"Thank you so much—have a great day, kids!" Kenny Hollingshead yells from across the counter of his inheritance, Hollingshead's Delicatessen in Orange, as some regular customers leave. He has charmed generations of customers at his family's legendary beer emporium, giving you nicknames depending on where you fall in social strata—"honey," if you're a lady; "kid," if you're younger than 40; "guy," if you're older. His voice fills the room like the sound of your dad finally coming home from work—comforting, constant, traits that have unfortunately been lacking in his life and business (which are indistinguishable from each other) in recent years.
Hollingshead's mom died on Mother's Day 2011, and his dad followed on Sept. 26, 2012, "so the baton's in my hands now," he says with an air of acceptance. "The future of Hollingshead's is lying with myself and the family. It's pretty exciting."
His parents opened their first deli in 1963 off Katella Avenue; Kenny, an only child, joined the business while in his late 20s. Even though he attended college for many years away from home, he learned very quickly what actually mattered in life. "What interests me is people and business and family," he says. "That's what keeps me going."
And what the Hollingshead clan built was an institution, a place that sold craft beer years before every other hipster deemed himself a brewer, that served as a home for Packers fans and grilled fine bratwursts. Losing his parents was the biggest challenge he ever faced, even though the goodbye was the best anyone could've hope for. "My dad said, 'Have one good cry, and then be done with it. Then have some beer and food,' and that's what we did," Hollingshead remembers. He took a leave of absence for most of last year, but he is ready to face 2013 anew.
His strengths are rooted in the stories you know he has told many times, worn down and smoothed in all the right places. Hollingshead still cannot believe his parents worked full-time jobs to keep the store, and that Grandma Schulte moved all the way from Columbus, Ohio, with her recipes to lend an extra hand. "They were very self-sufficient and totally devoted to each other," he says, stressing the importance with his blue eyes. "So that kind of devotion and sacrifice, for me, that's what love is all about."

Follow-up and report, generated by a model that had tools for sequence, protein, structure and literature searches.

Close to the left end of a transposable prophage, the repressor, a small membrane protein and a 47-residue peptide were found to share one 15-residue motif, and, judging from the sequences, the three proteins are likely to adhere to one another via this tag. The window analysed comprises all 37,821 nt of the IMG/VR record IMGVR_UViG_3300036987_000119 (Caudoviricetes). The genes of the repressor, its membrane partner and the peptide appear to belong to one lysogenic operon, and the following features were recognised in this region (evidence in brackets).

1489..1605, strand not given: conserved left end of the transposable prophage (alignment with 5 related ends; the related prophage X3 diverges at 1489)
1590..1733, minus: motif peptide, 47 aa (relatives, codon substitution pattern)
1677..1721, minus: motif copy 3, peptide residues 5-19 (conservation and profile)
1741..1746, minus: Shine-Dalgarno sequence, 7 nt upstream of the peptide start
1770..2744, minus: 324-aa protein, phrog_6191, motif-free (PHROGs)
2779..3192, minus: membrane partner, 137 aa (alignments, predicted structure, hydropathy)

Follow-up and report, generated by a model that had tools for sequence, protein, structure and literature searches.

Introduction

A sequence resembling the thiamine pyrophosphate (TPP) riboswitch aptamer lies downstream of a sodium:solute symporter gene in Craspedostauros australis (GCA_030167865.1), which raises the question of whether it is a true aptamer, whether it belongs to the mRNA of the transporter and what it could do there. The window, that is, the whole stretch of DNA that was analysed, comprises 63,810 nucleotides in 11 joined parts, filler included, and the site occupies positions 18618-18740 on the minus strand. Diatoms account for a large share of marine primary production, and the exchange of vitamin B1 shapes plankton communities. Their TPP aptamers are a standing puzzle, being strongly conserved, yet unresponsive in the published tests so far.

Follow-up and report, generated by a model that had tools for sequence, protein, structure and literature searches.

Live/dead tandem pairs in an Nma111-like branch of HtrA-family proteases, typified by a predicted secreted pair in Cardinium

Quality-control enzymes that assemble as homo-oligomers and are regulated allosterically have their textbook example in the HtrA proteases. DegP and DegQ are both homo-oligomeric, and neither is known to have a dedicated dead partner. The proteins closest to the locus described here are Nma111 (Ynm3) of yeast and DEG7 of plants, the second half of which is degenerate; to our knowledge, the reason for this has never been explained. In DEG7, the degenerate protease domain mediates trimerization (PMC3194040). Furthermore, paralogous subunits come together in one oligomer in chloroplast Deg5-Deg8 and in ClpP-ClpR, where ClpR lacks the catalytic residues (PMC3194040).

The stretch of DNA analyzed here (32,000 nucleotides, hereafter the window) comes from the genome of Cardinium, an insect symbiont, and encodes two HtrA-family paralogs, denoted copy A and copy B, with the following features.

He starts to razz his son, Michael, who's bartending across the room—and who sends it right back at him.
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"My dad encouraged me to not make friends with my customers," the elder Hollingshead says, pausing. "It's difficult for me to not do that because these people are supporting three generations of my family." Most conversations with Hollingshead don't end without some mention of how much he loves his son; his daughter, Melinda; or his wife, Charrion, with whom he's still fascinated after 36 years of marriage. "I still can't figure her out. . . . Doesn't mean I love her any less," he says with a laugh. "Whenever I think I kinda got her, I think I've got her figured out . . . naah, I don't got her figured out."
Hollingshead plans to live until 100 "as long as I'm not a burden on my family. Although," he pipes in, "we Lutherans feel that if there's not beer and bratwurst in heaven, we're not sure if we're going."
He laughs. "Just joking!"